I have nothing but admiration and respect for the legacy University of Tennessee Head Basketball Coach Pat Summitt has crafted over almost four decades of coaching there. She is one of the greatest basketball coaches ever; man, woman, alien. Period.
I am somewhat conflicted as to if there was a need for her to reveal her medical condition, an Alzheimer’s type, early onset Dementia. I would have automatically praised her for going public…if she had resigned her position.
Don’t know if I am the lone voice delivering what clearly will be the opposing view on the subject. But I don’t need validation someone else feels this way in order to explain my reasoning of what probably comes across initially as being cruel and less than humanitarian.
I had a relative who suffered terribly from Dementia before passing away. Each day was filled with uncertainty for him…and those around him. You had no crystal ball as to his clarity, or ours, from day-to-day.
Tennessee Athletics Director Joan Cronan indeed said in a statement, “Life is an unknown, and none of us have a crystal ball. But I do have a record of knowing what Pat Summitt stands for: excellence, strength, honesty and courage.”
Agreed. And that is how she should be remembered. The best way to ensure that is to let her deal with her new-found condition…and Tennessee with theirs.
Because make no mistake about it, reality will soon enough be the great equalizer in the tragic news and subsequent sadness we all should feel over this development. She has been honest enough to admit she sought medical advice because it was already affecting her coaching last season. That in itself has opened the door going forward for even more second-guessing which comes naturally to fans and analysts alike in evaluating coaching moves and motivations.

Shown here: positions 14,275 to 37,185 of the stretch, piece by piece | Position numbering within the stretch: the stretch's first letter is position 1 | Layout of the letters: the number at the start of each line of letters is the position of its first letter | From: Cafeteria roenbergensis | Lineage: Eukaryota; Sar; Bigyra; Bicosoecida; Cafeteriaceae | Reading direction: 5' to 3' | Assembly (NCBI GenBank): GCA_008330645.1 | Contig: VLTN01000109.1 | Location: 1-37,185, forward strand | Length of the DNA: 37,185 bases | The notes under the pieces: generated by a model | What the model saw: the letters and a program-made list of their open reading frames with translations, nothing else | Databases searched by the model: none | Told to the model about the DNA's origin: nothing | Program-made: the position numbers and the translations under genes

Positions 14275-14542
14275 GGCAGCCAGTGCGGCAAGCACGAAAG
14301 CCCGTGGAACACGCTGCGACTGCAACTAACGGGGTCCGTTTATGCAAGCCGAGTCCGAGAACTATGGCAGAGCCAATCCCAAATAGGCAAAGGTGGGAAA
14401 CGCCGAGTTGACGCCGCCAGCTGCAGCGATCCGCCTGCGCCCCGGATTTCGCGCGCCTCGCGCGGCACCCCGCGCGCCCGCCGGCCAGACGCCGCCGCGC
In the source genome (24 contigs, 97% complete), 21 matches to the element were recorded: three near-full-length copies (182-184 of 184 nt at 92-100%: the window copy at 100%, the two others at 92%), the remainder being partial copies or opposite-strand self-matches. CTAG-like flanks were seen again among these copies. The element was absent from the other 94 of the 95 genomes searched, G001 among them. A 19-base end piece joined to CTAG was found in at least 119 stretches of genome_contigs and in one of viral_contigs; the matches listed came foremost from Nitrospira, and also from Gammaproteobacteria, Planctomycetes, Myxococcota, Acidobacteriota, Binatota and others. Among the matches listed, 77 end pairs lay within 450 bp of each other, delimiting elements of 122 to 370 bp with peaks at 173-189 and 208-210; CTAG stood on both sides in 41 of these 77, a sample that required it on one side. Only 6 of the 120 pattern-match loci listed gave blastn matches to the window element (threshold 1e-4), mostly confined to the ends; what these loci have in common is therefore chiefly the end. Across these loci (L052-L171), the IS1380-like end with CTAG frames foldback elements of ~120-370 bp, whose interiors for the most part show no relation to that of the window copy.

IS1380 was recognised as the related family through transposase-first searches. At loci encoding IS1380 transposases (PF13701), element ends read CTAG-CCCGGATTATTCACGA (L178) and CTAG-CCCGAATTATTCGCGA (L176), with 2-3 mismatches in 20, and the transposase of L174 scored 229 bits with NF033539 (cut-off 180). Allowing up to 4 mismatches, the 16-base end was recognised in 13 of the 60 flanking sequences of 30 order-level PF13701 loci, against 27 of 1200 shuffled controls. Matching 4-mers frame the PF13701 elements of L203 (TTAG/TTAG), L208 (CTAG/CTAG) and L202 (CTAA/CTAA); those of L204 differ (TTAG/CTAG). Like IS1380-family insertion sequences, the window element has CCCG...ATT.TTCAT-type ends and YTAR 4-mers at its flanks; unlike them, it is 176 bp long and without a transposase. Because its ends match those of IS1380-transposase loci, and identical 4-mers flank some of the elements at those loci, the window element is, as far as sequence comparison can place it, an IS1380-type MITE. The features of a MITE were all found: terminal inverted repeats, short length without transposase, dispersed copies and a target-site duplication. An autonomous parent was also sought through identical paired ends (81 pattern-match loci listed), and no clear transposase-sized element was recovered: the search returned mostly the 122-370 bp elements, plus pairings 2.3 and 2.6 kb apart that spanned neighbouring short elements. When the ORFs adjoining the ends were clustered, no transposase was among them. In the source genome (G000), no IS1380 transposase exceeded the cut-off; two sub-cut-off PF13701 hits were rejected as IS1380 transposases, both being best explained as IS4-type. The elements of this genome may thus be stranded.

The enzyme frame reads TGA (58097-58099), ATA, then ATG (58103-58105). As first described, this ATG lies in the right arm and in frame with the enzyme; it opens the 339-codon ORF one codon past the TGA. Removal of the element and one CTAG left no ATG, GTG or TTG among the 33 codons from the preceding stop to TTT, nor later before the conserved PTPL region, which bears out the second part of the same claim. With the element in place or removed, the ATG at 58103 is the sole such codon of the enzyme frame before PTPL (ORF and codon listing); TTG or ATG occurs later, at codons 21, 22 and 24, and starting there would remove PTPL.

Now, you throw in her assistants and players to the mix. Who is in charge? Are the right things being communicated behind the scenes…in the huddle? And…the questions about her health will be daily in their direction…not just Summitt’s.
The program will become a Petri dish for micro-examination on two levels…one, how does she look and act (camera shots galore)…two, who was responsible for the decision to leave so-and-so in with four fouls, or switch defenses at a key point, etc., etc. Can you imagine the pressure on analysts of Tennessee games trying to dance around second-guessing decisions gone wrong? What kind of hard-hitting reporting are we going to get if next season goes sideways? This isn’t a program used to negative results.
And as heartless as it is, the uncertainty over the future leadership of the Vol program will be mentioned on more than one occasion to more than one recruit considering whether to go to UT.
Baylor Head Coach Kim Mulkey was quoted as saying, “But whether Pat Summit has Dementia or any other ailment, she has earned the right to stay on the sideline for as long as she wants. Not only the university, but the entire state of Tennessee, is going to take care of Pat.”
That brings us to the University of Tennessee, who has now been put in the unenviable position of having to monitor the program on a daily basis and may be forced to force Summitt to step down before she wants to. They have become the “caretaker” indeed.
She has indicated her assistants will have more responsibility. But there’s only room for one leader on the sidelines. You get input from assistants and then make your call. It’s your team. It’s your job. It’s your responsibility. The camera, the pressure…is on YOU.
It is a slam dunk Summitt sees basketball, the program, the players, the coaches and the University all as her family. Sticking with what she loves, and the family she loves, certainly seems logical…especially if time is running out for her to enjoy them.
Well, her family needs to step up and take care of her after all these years of her taking care of them. Stress helps no disease or condition, it only worsens. It takes no prisoners. No crystal ball here, but the one certainty is Alzheimer’s is not curable.
The N.C. State basketball program recently went through a similar situation with longtime great Head Coach Kay Yow as she waged her battle with Cancer. These situations take a toll on not just the person with the ailment but everyone around and associated with them. I am questioning the fairness of that to those people. Is this necessary? Is this just?
Staying in her present role with this condition takes tremendous courage.
Perhaps an even greater sign of courage…and the most unselfish of all actions…would be to decline that role.